What: All Issues : Making Government Work for Everyone, Not Just the Rich or Powerful : Enforcing Congressional Ethics : H. Res. 5 Providing for the consideration of House rules package for the 110th Congress/Motion to recommit with instructions (2007 house Roll Call 4)
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H. Res. 5 Providing for the consideration of House rules package for the 110th Congress/Motion to recommit with instructions
house Roll Call 4     Jan 04, 2007
Progressive Position:
Nay
Progressive Result:
Win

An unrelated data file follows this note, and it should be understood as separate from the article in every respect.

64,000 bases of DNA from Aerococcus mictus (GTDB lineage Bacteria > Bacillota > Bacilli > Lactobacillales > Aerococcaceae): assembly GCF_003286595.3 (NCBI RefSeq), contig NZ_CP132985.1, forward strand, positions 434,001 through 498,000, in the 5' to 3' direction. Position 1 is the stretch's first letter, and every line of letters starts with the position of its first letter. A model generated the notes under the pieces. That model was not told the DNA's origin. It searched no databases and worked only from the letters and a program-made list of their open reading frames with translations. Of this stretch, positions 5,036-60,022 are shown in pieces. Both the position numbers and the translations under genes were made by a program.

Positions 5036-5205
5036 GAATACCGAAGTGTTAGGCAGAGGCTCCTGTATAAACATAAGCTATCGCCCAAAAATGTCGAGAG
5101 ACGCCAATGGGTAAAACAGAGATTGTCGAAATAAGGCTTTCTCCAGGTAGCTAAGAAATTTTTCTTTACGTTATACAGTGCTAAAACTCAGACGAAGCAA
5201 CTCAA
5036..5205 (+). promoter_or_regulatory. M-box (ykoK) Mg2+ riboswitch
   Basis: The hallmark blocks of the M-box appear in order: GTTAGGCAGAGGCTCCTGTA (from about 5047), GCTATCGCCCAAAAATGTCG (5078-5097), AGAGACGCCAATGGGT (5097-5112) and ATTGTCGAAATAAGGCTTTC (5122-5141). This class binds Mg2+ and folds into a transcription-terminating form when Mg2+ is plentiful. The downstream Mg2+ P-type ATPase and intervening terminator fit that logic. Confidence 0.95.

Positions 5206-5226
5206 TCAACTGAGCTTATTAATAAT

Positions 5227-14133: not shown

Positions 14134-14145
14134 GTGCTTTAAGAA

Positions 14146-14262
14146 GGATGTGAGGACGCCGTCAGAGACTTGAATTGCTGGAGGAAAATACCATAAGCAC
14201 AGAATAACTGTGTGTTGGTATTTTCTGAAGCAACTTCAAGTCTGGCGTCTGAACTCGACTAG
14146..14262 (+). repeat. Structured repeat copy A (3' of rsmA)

This vote determined the ground rules for the House's consideration of what's known as the rules package for the 110th Congress. The motion being considered was whether to send back to committee for revision the guidelines for debate of the rules package for the whole two-year session. Every two years when a new Congress meets for the first time members have to agree on what's known as a "rules package," the rules that guide lawmakers' conduct both on and off the House floor. It governs everything from how debate is conducted to what lawmakers can accept from lobbyists to what privileges are afforded to the minority party. The rules package must be agreed to before any other business is conducted, and it sets the tone for the entire two-year Congress. The rules package proposed by the Democrats for the 110th Congress codified many campaign promises, including reforms to the ethics rules, curtailing the ability of lawmakers to secretly slip provisions into bills that only benefit narrow interests and making it more difficult for Congress to pass bills that increase the deficit. This vote was a motion to recommit with instructions. A largely symbolic vote, a motion to recommit is the minority's last chance to make substantive changes to a measure before a final up-or-down vote. In this case, the Republicans were seeking an opportunity to determine how the rules package would be considered, such as how much floor time they would have to debate the measure. This kind of procedural vote is usually highly disciplined within each party, with the minority party voting for it and the majority against it. In this instance, both parties collected total conformity among their ranks, and all 232 Democrats voted against it and all 199 Republicans present voted for it. The motion thus failed. The failure of the motion to recommit meant that Republicans were shut out in their last attempt to modify the rules of consideration for the rules package for the 110th Congress. The rules of consideration thus moved to a final vote, paving the way for the rules package for the entire Congress itself to be adopted.

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